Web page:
ESPN Suspends Rob Parker for 30 Days

The journo who questioned NFL player Robert Griffin III's blackness apologized Wednesday.

Others Disciplined, “Oversight” of “First Take” Pledged

ESPN announced Thursday that it is suspending commentator Rob Parker for 30 days over his on-air remarks about Washington Redskins quarterback Robert Griffin III, tightening editorial oversight of the “First Take” show and taking “appropriate disciplinary measures” against employees who played a role in allowing Parker’s remarks on the air.

On Dec. 13, Parker questioned whether Griffin was a “real” black man and was suspended “until further notice” two days later. ESPN said it was “conducting a full review.”

Parker had defended his remarks before the suspension, but he apologized on Wednesday, saying in an extended Twitter message, “I blew it and I’m sincerely sorry. I completely understand how the issue of race in sports is a sensitive one and needs to be handled with great care. This past Thursday I failed to do that. . . .”

Some, such as Sam Laird of the Mashable website, expected a worse fate for Parker. “ESPN is now reportedly considering firing Parker altogether,” Laird wrote on Wednesday.

Others questioned whether “First Take” itself should be reined in, saying the program’s atmosphere was too freewheeling.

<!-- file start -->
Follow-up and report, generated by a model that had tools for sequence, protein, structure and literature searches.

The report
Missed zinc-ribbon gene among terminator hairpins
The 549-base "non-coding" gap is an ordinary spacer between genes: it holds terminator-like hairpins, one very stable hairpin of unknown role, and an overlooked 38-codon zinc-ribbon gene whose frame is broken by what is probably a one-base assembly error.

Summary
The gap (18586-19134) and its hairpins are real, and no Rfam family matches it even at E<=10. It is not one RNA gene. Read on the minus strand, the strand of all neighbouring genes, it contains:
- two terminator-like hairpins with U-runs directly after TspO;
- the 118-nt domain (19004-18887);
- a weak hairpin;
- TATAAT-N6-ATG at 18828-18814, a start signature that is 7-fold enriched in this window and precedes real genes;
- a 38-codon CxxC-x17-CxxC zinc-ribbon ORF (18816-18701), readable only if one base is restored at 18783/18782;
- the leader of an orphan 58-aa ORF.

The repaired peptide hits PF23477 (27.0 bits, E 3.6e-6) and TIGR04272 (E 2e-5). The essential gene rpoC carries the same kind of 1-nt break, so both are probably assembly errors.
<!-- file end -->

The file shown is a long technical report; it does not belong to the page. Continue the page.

Doug Farrar of Yahoo Sports wrote Saturday, “. . . those within the network who have decided to abdicate any sense of journalistic responsibility in favor of a craven desire for ratings and ‘buzz’  should probably take a few minutes and consider that they created and nourished an environment by which Rob Parker, who had made multiple professional missteps before, could thrive by saying stupid stuff and getting away with it.”

ESPN addressed that sentiment in its Thursday statement from Marcia Keegan, a vice president of production for ESPN, who oversees First Take:

“ESPN has decided to suspend Rob Parker for 30 days for his comments made on last Thursday’s episode of First Take. Our review of the preparation for the show and the re-air has established that mistakes both in judgment and communication were made. As a direct result, clearly inappropriate content was aired and then re-aired without editing. Both were errors on our part.